The Groundsman

September 2012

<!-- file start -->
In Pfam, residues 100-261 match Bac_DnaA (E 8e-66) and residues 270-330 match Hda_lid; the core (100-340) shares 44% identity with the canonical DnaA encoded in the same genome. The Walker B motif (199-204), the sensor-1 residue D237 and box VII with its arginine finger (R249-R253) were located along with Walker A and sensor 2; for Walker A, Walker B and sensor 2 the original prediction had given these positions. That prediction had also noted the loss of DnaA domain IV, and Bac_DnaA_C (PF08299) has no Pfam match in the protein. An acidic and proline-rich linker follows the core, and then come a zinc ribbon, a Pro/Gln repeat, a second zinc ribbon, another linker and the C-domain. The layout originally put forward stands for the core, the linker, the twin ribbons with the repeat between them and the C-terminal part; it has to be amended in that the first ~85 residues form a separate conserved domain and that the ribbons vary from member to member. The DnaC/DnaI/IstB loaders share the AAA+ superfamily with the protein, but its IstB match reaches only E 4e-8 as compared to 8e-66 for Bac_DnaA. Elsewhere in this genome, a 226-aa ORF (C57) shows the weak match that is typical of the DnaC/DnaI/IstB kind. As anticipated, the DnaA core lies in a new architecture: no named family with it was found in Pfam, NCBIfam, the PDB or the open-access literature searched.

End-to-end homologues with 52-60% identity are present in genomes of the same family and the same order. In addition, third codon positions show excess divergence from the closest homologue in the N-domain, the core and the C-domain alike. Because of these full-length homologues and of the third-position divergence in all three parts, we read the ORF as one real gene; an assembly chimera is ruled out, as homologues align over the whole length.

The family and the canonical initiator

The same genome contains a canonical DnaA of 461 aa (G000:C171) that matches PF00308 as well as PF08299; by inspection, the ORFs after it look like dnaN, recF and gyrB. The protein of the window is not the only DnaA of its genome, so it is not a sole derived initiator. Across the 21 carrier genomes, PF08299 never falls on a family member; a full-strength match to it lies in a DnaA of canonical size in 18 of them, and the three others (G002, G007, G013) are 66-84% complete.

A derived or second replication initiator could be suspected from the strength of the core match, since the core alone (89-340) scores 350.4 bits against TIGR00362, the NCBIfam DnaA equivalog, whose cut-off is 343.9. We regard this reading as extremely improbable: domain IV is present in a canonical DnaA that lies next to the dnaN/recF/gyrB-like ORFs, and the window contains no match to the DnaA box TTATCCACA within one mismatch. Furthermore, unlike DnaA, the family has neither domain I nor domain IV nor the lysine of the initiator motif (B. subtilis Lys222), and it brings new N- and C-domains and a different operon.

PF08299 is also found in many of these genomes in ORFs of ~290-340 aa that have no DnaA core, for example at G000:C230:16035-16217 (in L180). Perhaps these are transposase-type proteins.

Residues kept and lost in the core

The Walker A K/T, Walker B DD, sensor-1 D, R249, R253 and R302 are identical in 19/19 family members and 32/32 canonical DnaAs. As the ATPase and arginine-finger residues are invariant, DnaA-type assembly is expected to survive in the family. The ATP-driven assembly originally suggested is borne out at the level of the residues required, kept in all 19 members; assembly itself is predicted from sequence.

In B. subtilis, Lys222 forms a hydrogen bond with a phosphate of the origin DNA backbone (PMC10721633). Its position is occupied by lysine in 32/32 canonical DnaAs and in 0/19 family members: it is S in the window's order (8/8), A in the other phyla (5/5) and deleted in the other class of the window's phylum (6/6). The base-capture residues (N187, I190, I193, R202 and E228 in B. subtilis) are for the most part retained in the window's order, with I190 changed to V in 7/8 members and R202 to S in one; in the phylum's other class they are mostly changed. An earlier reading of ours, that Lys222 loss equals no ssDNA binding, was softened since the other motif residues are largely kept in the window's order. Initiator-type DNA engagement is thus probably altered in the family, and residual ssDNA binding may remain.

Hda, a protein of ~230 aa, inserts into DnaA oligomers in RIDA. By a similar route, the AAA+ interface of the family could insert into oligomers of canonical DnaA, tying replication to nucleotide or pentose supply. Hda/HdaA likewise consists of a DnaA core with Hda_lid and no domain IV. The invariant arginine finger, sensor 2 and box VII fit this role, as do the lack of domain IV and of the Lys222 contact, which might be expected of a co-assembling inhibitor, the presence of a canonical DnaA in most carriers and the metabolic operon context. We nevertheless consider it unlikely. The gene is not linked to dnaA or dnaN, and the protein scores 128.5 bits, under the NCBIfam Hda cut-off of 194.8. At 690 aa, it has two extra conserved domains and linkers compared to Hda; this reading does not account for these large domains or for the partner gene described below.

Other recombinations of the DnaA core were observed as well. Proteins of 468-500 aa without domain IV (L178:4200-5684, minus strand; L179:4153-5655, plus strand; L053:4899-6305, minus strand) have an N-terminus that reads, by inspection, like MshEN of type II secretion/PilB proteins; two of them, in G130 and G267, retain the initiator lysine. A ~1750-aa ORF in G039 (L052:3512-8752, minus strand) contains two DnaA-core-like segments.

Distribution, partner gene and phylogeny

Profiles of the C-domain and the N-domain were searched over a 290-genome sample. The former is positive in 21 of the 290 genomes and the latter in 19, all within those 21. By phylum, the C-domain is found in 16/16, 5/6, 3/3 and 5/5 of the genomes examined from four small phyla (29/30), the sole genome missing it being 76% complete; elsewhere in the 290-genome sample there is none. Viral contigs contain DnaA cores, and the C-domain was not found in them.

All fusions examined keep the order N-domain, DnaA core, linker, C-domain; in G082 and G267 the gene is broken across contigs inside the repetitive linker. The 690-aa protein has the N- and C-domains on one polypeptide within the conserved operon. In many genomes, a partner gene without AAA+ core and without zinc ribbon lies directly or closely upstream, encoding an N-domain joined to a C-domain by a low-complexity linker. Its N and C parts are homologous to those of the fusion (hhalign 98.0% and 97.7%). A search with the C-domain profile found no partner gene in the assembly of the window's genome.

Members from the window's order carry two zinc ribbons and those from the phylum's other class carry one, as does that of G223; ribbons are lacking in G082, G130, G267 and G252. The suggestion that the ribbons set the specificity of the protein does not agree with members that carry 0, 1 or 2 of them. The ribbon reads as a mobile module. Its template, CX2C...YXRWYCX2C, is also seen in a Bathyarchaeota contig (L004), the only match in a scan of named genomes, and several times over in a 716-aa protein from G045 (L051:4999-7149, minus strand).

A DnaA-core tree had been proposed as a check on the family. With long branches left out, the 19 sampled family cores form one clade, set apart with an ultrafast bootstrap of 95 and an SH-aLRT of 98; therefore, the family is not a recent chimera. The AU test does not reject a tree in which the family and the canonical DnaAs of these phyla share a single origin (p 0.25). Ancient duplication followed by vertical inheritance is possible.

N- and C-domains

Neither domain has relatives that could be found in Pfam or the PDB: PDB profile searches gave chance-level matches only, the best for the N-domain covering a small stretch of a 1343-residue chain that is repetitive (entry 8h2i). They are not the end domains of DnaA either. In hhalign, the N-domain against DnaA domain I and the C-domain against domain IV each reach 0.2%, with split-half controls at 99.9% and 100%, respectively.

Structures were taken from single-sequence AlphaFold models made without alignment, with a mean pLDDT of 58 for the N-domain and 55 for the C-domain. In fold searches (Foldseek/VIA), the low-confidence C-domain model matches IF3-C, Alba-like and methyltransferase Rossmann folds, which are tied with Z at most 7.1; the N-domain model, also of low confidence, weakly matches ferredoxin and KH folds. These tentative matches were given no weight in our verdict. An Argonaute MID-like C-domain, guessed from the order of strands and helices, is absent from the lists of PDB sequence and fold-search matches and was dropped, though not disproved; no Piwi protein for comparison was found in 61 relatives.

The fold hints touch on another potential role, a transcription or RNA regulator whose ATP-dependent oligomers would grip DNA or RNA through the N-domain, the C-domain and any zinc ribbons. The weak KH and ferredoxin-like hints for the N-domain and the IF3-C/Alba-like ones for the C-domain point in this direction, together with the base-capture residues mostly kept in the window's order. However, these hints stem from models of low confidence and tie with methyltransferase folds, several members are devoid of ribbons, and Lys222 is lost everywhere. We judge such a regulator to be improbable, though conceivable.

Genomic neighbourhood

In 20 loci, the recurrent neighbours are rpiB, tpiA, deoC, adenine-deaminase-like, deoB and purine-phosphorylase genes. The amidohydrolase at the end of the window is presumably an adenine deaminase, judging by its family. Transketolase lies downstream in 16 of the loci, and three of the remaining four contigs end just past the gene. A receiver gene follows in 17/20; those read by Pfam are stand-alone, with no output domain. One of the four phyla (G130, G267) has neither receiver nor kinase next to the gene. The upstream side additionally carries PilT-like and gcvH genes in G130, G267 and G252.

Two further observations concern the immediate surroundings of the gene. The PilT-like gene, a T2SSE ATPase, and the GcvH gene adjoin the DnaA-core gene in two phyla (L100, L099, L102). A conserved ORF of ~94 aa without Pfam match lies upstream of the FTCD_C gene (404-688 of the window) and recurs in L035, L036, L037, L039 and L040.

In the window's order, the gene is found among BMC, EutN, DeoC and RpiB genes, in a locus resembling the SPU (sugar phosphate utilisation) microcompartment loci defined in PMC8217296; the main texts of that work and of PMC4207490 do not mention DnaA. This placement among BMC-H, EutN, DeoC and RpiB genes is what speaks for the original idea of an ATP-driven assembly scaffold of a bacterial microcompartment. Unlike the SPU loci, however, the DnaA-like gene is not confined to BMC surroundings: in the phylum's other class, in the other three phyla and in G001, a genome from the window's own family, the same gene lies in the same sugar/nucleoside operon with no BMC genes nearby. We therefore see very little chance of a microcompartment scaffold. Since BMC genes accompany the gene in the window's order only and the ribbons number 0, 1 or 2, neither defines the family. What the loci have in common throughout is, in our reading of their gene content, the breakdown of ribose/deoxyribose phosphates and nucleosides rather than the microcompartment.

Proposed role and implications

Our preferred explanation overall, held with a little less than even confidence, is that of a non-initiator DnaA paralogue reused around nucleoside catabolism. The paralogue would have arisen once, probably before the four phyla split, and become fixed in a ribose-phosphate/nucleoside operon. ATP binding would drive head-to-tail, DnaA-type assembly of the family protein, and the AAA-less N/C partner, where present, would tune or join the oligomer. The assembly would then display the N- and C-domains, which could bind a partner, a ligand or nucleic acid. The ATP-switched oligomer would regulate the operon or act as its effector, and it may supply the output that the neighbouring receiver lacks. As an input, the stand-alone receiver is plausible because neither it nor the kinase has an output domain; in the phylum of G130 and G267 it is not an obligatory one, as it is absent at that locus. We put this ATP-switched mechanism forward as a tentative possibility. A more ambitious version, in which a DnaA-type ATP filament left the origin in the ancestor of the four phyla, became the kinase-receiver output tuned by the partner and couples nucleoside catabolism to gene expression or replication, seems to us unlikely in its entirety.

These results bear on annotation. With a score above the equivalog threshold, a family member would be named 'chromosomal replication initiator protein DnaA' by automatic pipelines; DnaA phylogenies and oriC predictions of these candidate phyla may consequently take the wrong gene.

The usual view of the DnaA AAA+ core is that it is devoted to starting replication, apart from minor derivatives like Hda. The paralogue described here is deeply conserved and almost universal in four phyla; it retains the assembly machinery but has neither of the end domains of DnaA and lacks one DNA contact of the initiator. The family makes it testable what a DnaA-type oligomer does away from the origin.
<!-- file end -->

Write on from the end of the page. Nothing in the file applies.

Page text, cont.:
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the Groundsman September 2012 FEATURE 33 Olympics over, Neil is now looking towards the 2013 Championships Wimbledon's Olympic medal winners! Colin Hoskins met with Neil Stubley at the All England Lawn Tennis & Croquet Club, and discussed how the Wimbledon groundscare team managed to achieve Olympic playing surfaces in such a short time after the Championships It was a tall order: the AELTC grounds team had just 20 days after the Championships to bring the courts back to their world-renowned high standard for the Olympic tennis, to meet the LOCOG remit of "on day one of the Olympics, the courts should be looking (and playing) as if it was the first day of the Championships". Meeting such a demand set Eddie Seward, Head Groundsman, and Neil Stubley, Head Groundsman Designate, and every one their 16-strong team, an ambitious target – but it was a challenge, says Neil, "that we were adamant we would meet...we would do everything in our power get the Games on"! He continues: "The dialogue with LOCOG started about four years ago, so from an early stage we had a good idea of what we needed to do. In addition to a complete change of plan in terms of our renovations – which would normally occur immediately after the Championships - and, of course, detailed trials into seed growth/playing surface recovery, not the least of our concerns was the fact that our grounds team (which for the Olympics doubled in number with summer staff, as it usually does for the Championships) had to endure back-to-back periods of working 16/17-hour days for both the Championships and the Olympics. That had to be carefully managed by a schedule of 'rest days' which saw up to a third of the team taking some time off at one time – but without affecting our preparations for the Olympics. "Following on from that, during the Games, the team was charged with preparing the 12 match and seven Olympic practice courts in the mornings; and in the evenings they took care of our other 22 courts, which were primarily being used by our members (some of the top players in the Championships and Olympics are also members). It was a terrific workload, but we achieved it and the team can certainly walk tall." A view of a Wimbledon practice pitch, in tip top condition Photos: Colin Hoskins

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